Wednesday, 3 December 2014

Pretty Reliable

Between 1468 and 1480 Benincasa made 9 atlases with maps in it with the Cabo Verde Islands on them. A few weeks ago I learned that one of them is in color. This week I learned that two more are in color too. Now I want to have a copy of all nine maps. I guess they are all in color. I want to compare them and find out how accurate they are.

According to Roel Nicolai (moreportolan charts are based on a mathematical model which closely resembles the Mercator projection and not on the input of observations of seaman coming back from their travels. The maps were first. Out of the blue as far as we can tell now.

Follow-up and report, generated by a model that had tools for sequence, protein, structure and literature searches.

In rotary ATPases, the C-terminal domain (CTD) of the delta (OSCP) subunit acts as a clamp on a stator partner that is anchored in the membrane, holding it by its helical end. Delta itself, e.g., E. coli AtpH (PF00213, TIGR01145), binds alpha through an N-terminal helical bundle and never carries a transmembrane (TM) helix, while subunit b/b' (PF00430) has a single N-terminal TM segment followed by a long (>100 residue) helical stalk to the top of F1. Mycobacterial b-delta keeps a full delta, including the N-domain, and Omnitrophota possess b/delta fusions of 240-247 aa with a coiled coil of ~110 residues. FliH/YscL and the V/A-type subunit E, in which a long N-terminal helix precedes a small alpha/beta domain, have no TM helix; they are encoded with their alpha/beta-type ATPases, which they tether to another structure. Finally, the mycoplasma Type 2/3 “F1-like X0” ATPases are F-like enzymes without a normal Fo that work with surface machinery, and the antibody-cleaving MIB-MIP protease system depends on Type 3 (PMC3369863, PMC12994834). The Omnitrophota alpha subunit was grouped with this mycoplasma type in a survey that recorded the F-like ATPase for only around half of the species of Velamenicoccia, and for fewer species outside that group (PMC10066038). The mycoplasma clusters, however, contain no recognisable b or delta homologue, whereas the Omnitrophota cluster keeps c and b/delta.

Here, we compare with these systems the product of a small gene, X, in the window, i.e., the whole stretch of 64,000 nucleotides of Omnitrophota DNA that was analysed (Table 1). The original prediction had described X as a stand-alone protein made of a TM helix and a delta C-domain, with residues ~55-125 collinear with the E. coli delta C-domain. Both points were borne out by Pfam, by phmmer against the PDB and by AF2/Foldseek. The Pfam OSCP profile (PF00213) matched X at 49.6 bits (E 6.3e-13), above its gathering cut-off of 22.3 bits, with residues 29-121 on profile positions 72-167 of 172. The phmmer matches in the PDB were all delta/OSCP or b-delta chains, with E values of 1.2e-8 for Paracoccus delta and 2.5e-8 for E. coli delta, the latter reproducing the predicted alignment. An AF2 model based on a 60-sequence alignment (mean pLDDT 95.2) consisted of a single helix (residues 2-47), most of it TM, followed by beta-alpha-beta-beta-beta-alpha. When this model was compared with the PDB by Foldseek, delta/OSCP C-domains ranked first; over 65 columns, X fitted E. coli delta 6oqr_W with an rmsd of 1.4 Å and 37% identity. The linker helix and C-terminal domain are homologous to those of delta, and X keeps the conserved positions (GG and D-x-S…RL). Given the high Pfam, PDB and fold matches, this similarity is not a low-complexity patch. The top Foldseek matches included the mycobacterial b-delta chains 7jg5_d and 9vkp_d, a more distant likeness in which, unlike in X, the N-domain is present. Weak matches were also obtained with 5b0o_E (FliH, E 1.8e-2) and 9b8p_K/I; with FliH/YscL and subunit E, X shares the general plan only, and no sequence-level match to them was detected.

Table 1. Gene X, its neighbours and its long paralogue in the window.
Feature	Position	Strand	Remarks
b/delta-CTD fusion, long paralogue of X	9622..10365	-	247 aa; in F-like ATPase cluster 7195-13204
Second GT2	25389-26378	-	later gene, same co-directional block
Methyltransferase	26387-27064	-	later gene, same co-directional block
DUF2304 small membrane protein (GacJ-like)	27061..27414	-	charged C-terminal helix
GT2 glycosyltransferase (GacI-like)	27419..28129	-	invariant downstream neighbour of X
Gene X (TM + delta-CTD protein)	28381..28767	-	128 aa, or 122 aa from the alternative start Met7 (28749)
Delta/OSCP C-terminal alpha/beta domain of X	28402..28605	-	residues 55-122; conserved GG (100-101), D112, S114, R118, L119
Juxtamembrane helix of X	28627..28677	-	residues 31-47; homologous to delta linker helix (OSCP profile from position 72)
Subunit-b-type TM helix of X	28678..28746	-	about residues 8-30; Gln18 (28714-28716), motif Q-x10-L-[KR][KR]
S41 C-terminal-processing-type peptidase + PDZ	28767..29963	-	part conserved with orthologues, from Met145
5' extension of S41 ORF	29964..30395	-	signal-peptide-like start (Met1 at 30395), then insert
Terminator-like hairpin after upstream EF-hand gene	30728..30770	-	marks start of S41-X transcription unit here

Today I puzzled at the G. Benincasa 1473 'Egerton 2855' map.

(C) The British Library Board, G. Benincasa 1473, Egerton MS 2855 ff.6v-7

Conclusion. The distances on this 541 year old map are pretty reliable: average 119% with a standard deviation of 35. 

What's next? I want to find out if the maps improve in time. Are the maps of 1480 more reliable than of 1468? In other words, projection first - out of the blue - and then the maps get better every year because the input of the seaman, returning from the sea, was digest by the mapmaker G. Benincasa?

1 comment:

  1. I look forward to following your research as it will be interesting to see how quickly the new found information was applied and then re-printed.
    But the accuracy ratio I feel is fantastic with what that were working with :)